Who are you #OnHoldWith? The Top On-Hold Offenders in the Retail Industry

Brand | 6 minute read

Build a deck. Outfit a room. Fill a prescription. Get a birthday card. Purchase a television. Scoop up school supplies. Order a couch. Snap up a subscription. Spend. Spend. Spend. Wash. Rinse. Repeat.

In every facet of a customer’s life, there is at least some encounter with the retail space, an investment of their funds in DIY projects, in personal healthcare, in family activities, in leisure, or in bare necessities. The retail industry is buoyed by this reality and is much obliged to exchange a customer’s hard-earned dollars for goods and services, but oftentimes is ill-equipped to serve the masses of consumers when they things go wrong with a product, service, or delivery. And make no mistake: Things always go wrong.

And with the advent of social media, customer service faux pas on the part of retail brands are laid bare for all to see, as customers take to the network to voice their problematic experiences with companies who have not met their needs, or who have wasted their time by handcuffing them to waiting on hold. This month, major retailers have gotten a Tweet-lashing on social media for this, surprisingly including established companies like Walmart, IKEA, Target, and more. And we monitor every single Tweet.

OnHoldWith.com is a community-driven, Fonolo-powered website that aims to end hold-times for good. It gathers all Tweets mentioning customers experiencing long and/or irritating hold times while seeking answers to simple issues. While some are entertaining given the dry wit of the customers as they try to keep things light while waiting on hold, these instances continue to offer a lesson to brands: Social media platforms are now legitimate customer service channels, as frustrated customers will take to Twitter to raise their voices when being put on hold has not allowed them to have a voice at all.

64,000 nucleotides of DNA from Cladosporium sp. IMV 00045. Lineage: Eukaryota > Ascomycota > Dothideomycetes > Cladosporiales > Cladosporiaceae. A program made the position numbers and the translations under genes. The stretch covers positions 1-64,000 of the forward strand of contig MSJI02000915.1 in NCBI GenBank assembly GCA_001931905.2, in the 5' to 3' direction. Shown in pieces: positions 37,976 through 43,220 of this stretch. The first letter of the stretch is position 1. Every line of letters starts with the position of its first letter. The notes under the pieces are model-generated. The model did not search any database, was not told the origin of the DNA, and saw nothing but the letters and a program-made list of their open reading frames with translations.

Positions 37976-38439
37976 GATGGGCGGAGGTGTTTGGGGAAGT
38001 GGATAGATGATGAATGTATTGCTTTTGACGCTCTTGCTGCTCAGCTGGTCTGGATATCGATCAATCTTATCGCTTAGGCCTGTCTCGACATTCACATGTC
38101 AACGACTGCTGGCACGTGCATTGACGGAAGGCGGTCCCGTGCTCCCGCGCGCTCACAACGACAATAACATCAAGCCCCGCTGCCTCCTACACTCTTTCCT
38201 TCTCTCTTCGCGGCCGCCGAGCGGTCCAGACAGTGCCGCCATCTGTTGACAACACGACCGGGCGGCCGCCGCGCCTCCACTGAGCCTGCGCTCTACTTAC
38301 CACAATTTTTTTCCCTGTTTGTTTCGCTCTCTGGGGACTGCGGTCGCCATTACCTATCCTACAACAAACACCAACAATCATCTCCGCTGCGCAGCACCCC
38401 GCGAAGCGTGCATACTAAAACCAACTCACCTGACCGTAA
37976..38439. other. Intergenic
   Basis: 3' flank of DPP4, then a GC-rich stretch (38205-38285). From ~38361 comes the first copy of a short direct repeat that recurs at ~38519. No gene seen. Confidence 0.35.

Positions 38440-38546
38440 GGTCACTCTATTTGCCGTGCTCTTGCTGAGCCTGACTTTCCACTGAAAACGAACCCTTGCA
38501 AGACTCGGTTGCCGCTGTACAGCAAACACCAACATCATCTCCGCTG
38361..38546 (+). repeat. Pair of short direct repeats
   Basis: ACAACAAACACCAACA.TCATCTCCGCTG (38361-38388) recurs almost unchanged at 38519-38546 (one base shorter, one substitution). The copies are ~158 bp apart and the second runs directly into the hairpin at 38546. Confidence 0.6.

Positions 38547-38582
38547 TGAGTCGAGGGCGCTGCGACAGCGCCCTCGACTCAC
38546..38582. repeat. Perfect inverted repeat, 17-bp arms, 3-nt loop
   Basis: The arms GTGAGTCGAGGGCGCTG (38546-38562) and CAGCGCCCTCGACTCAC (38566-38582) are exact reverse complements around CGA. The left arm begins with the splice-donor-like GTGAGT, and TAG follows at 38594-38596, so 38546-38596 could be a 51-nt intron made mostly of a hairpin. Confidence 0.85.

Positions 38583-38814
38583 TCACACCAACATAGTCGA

Every year, we use that data to produce our annual list of the Top 10 Worst Companies to Call.

Some trends that emerged from the Tweets we reviewed:

• One thing remains constant: No customer wants to be put on hold;
• Most would prefer a call-back option;
• If you have a call-back option, make sure it is functional, and can accommodate crisis-level volumes of calls (otherwise, what’s the point?); and
• Keeping customers on hold for an inordinate amount of time can signal the end of their business with you. And they’ll tell the world about it, too.

And now, read some of the most withering Tweets about the hold times offered up by some of the most famous brands on the planet.

Best Buy

Best Buy is best to ramp up its strategy to eliminate hold time (based on some of the feedback from these Tweeters):


While being put on hold by IKEA is so laughing matter, you have to agree that it brings out the sense of humor in these customers who are trying to keep their own spirits lifted while waiting for what feels like a lifetime on hold.


Based on what some customers are saying, calling into Walmart customer service can be inconsistent: Either no one answers, or too many people answer (and then transfer you).

CVS Pharmacy

CVS is a great reminder to us all: Remember your slogans, and make sure each and every department is a reflection of it (because if you do not, customers take notice).


Whether gamer, grocery shopper, or gas station customer, people want immediate service, in-store and online.

Home Depot

As Home Depot Tweeters demonstrate, the key to customer service is making customers feel at home (and not locked outside).


Target sometimes needs help with its customer service targets.


The truth: Not every customer appreciates that their appreciation is appreciated; but they appreciate their support issues being resolved.

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